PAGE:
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Police chief preaches vigilance

Police chief preaches vigilance
Acting police chief Jeff Rowden speaks at Arthur Pechey Public School on Friday during the second of four city neighbourhood meetings. -- Jason Kerr/Daily Herald

Prince Albert’s interim police chief is encouraging residents to take a few extra precautions to combat an increase in vehicle thefts.

Through February, Prince Albert is on pace for even more thefts in 2018 than the roughly 370 that occurred in the city last year.

Acting chief Jeff Rowden said it’s a baffling development for the city, considering how many police services across the province have run awareness campaigns.

“It’s puzzling,” he said during an interview on Friday. “I’ll be honest with you, there is a lot of public education around the subject, especially now. These vehicles that are being stolen, it’s a crime of opportunity.”

Rowden’s main concern lies with residents who leave spare sets of keys in their cars, only for thieves to come by, break-in and take off with the vehicle. However, that’s not the only problem. Residents who leave their vehicles unlocked and running during the winter are also easy targets for crimes of opportunity, and the stats show the problem is only increasing. He’s encouraging all residents to stop both practices in an effort to clamp down on what he calls “crimes of opportunity.”

“It’s something that’s easily achieved because if the car is running with the doors unlocked, somebody jumps in and within seconds it can be gone,” he said.

According to the Prince Albert Police Service year-end crime statistics, there were 326 reports of stolen vehicles in 2016. That number jumped to 372 in 2017. In January 2018 there were 42 vehicles reported stolen in Prince Albert, well above the 25 thefts in January 2017.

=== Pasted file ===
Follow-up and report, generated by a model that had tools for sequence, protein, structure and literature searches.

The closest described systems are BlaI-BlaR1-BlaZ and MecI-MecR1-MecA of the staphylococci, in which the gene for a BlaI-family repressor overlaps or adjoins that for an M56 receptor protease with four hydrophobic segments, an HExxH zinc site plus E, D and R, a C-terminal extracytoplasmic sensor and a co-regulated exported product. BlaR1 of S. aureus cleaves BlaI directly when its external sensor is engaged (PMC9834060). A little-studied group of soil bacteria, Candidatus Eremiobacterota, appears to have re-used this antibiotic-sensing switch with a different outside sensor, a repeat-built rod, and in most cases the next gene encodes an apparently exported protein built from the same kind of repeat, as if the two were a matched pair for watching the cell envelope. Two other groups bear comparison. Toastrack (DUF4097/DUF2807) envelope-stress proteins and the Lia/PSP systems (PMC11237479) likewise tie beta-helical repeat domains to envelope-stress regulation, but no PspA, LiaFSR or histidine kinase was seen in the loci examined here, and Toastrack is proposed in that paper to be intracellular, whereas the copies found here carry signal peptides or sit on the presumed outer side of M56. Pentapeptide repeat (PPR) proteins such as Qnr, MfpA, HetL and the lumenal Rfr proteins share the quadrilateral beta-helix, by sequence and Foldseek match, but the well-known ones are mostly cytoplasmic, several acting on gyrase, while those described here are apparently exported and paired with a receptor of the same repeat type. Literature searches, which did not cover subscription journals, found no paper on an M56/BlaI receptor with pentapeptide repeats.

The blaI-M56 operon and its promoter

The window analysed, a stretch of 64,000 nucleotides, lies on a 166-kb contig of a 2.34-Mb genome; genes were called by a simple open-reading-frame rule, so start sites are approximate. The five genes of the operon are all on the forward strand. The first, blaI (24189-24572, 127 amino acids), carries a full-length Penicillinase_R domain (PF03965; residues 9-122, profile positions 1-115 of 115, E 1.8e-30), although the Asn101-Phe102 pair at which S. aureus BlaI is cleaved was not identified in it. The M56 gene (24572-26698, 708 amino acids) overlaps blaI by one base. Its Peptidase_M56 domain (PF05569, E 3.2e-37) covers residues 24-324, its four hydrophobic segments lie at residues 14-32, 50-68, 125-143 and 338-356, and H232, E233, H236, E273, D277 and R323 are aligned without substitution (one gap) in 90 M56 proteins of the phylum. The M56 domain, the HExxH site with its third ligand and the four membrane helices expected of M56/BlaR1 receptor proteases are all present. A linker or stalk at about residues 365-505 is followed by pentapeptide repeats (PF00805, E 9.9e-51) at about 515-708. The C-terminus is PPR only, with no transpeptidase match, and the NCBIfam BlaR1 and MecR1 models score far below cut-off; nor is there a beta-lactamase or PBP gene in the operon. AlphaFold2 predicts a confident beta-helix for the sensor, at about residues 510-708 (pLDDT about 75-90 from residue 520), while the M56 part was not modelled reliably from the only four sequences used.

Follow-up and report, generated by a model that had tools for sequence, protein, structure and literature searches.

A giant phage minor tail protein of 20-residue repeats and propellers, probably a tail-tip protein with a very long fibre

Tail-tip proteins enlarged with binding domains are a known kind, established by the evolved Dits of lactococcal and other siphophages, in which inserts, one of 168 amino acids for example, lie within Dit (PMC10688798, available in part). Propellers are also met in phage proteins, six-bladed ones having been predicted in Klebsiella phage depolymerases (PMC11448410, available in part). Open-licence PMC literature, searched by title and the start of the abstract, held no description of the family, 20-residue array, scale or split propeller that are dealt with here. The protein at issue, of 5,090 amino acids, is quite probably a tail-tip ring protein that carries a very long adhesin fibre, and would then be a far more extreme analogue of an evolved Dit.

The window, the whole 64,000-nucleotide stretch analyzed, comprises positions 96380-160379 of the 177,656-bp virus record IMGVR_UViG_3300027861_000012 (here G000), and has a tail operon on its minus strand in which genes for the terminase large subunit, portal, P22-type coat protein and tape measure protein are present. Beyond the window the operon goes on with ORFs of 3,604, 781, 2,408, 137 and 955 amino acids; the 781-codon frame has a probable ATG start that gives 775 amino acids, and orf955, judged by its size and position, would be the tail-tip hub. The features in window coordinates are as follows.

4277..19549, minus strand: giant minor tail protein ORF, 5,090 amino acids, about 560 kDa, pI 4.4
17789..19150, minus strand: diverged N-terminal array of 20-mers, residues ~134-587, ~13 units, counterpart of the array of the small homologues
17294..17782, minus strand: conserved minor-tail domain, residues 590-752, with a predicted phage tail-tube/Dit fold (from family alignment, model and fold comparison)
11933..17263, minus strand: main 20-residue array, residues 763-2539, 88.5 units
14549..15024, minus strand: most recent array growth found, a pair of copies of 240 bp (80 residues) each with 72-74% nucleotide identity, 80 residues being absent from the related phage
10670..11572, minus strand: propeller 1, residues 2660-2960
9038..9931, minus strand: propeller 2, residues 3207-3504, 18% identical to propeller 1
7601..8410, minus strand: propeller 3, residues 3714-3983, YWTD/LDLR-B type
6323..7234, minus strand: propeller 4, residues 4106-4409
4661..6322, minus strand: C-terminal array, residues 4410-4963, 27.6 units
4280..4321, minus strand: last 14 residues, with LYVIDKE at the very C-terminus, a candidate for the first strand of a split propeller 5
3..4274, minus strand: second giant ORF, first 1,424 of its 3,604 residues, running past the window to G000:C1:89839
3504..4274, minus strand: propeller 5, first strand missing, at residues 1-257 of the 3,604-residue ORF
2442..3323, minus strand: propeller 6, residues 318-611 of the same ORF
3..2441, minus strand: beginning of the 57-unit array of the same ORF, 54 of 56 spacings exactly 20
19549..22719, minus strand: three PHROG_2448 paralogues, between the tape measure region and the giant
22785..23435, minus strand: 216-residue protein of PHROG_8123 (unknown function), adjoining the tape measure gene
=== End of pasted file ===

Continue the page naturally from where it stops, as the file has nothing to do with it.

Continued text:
The thefts are bad enough, but the problem often compounds itself further since stolen vehicles are often used in other crimes.

“They’re not just used for the purpose of transportation,” Rowden explained. “They’re used to facilitate the commission of other offences as well, and that’s where we see real issues.”

Rowden added that stolen vehicles aren’t just a Prince Albert problem. According to SGI, vehicle thefts in Saskatchewan surged from 3,034 in 2015 to 3,819 in 2016. The number dropped off slightly in 2017, when 3,735 vehicle theft claims within the province were filed, however, the problem is still a long way from being solved.

“We do encourage vehicle owners to definitely not leave their keys in or near the vehicle,” SGI spokesperson Tyler McMurchy said. “That’s the best thing you can do to make a thief’s job a lot harder. There are also things like The Club or other anti-theft devices (or) parking in a garage or well-lit area; anything you can do to discourage theft.”

Although Rowden has concerns about vehicle theft in Prince Albert, he’s optimistic things are going to improve. He’s attended the last two neighbourhood meetings to let people know about the problem, and plans to bring the same presentation to the next two on March 20 and 21.

Rowden said that they’ve tried to be more visible in the community following feedback from neighbourhood meetings in 2017. However, when it comes to comes to vehicles, it’s easier to stop thefts before they start rather than chase the thieves down afterwards.

“It’s the same with wearing seatbelts. Nobody used to wear seatbelts years ago. They didn’t see the need,” Rowden said. “Now, with public education and engagement, people recognize that it’s a risk, and I think the same thing is going to prove to be helpful with stolen vehicles.”